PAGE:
If those small seeds are in the ground, in moisture and germinate, their roots will find and head to moisture. If you don't get rain for 60 days, they probably will die, but so will all the other seeds you planted. I doubt that will be the case.

Your large seeds buried 1 1/2" will be fine right now.

Today, I walked out in my yard and my grass had a heavy dew on it. Your plots will also have a heavy dew on them and that will help put moisture in the ground, along with your orgainic matter sitting on top and below. In Talbot County, there's a 50/50 chance of rain on Monday of next week.

IMHO, you've done all you can do, so plant away. If you waited till the end of the month, you would then wonder if all the 90 degree days are going to hurt your crop, along with some of the drier months of the year. Your soil may be a lot drier by then, too.

I say plant now, with the moisture you have in the ground and let all your seeds get established, before we get 90+ degree days and 80+ degree nights. Right now, your nights are in the 60's ..... you're in the sweet spot!!!!!!!
You've got me leaning... :fine::fine::fine:
 

Canuck5

Senior Member
Here's another little trick ...... go to the plots you just planted and dig up a couple rows of seeds. You will find that those seeds have swollen up or probably by Tuesday have already sprouted a root and heading to China. I'll put money on it. That will be your sign. :)
 

Ihunt

Senior Member
Just plant and be glad you’re not a farmer who has to go to bed every night wondering about his livelihood.

I’m like you and fret over losing a food plot but in the end it’s small potatoes in my yearly hunting/fishing budget.
 

shdw633

Senior Member
I have very rarely, (if ever I think) gone against the advice of Triple C and Canuck5 but after losing my foodplots last year to the very scenario David is speaking of I think I have to speak up and say I would not plant. It's a summer food plot, it's not like it has to be up in the next week or so for the purposes of hunting. There is a lot of food right now in the woods so the deer are not starving as they might be in the winter. Why chance having you fields burn up. I checked the weather for the next two weeks and not only is there little to no chance of rain, towards the end there if little to no chance of cloud cover even. I would wait and see if there is a change in the weather over the next week or so and plant accordingly. Just my opinion based on having to plant twice last season over this very same scenario.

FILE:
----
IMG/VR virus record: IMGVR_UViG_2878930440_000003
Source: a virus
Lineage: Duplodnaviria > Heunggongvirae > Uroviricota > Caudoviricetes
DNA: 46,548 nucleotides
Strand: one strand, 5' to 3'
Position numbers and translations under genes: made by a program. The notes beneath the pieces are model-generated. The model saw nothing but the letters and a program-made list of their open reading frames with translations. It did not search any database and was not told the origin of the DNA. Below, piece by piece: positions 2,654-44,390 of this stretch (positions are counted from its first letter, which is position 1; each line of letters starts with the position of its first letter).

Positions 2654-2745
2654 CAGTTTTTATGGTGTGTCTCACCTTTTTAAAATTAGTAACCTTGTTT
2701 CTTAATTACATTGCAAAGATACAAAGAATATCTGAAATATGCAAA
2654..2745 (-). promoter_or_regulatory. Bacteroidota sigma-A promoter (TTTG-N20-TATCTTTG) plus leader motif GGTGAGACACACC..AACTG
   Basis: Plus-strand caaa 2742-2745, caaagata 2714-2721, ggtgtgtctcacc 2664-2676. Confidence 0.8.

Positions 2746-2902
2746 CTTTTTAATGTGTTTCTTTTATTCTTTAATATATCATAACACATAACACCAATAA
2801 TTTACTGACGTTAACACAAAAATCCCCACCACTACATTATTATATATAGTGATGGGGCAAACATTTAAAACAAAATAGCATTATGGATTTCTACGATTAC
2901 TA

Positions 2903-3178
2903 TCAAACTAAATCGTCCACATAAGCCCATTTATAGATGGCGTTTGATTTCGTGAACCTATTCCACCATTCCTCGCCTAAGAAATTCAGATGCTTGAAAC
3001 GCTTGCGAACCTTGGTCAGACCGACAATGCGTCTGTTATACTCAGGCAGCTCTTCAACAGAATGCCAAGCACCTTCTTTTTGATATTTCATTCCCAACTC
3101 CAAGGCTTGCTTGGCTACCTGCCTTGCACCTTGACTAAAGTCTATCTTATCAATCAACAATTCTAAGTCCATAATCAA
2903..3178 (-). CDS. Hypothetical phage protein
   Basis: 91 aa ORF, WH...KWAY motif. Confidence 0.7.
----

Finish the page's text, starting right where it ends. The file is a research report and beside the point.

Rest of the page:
Canuck5

Senior Member
Shadow, yours is a valid opinion ..... it can happen ... not saying it can't. I was married on June 5th and all my friends said that it would be a cold day in .... and they were right. Hard frost hit on the 6th and my family had to replant all their soybeans. But that is farming. Make hay while the sun shines.
 
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Ihunt

Senior Member
So what’s the worse that’s going to happen? They burn up. Well, then you get to sit on the tractor and plant again. It seems like a win win in my book. It either grows or you have to replant and get more seat time.
 
Thread starter #16
Just plant and be glad you’re not a farmer who has to go to bed every night wondering about his livelihood.

I’m like you and fret over losing a food plot but in the end it’s small potatoes in my yearly hunting/fishing budget.
I’m not sure our budgets and potatoes are the same size, feels like a fairy big potato to me...
 

Canuck5

Senior Member
IVE' already spent $11K of our clubs money this year and haven't planted one seed yet! Mainly leases ...... LOL, failure is not in the budget!

So, David, you sprayed glyphosate on your plots and the no-tilled right in that? What mix did you plant?
 
Thread starter #18
IVE' already spent $11K of our clubs money this year and haven't planted one seed yet! Mainly leases ...... LOL, failure is not in the budget!

So, David, you sprayed glyphosate on your plots and the no-tilled right in that? What mix did you plant?
I know exactly what you’re saying Canuck and I’m on the opposite end, I’ve spent almost 5K on lime, fertilizer and seed but haven’t paid my lease yet! 🤣

Yes I sprayed everything with a light dose of gly a couple weeks back and planted into it. Woods calls my seeder a no-till but I think it’s more of a minimal-till, it has adjustable discs on front like a conventional harrow, seed tubes for both seed boxes like a drill but has a cultipacker on the back instead of closing wheels.
The mix was,
Buckwheat
Sunn hemp
Cowpeas
Soybeans
Sunflowers
WGF
Pearl millet
Major Swede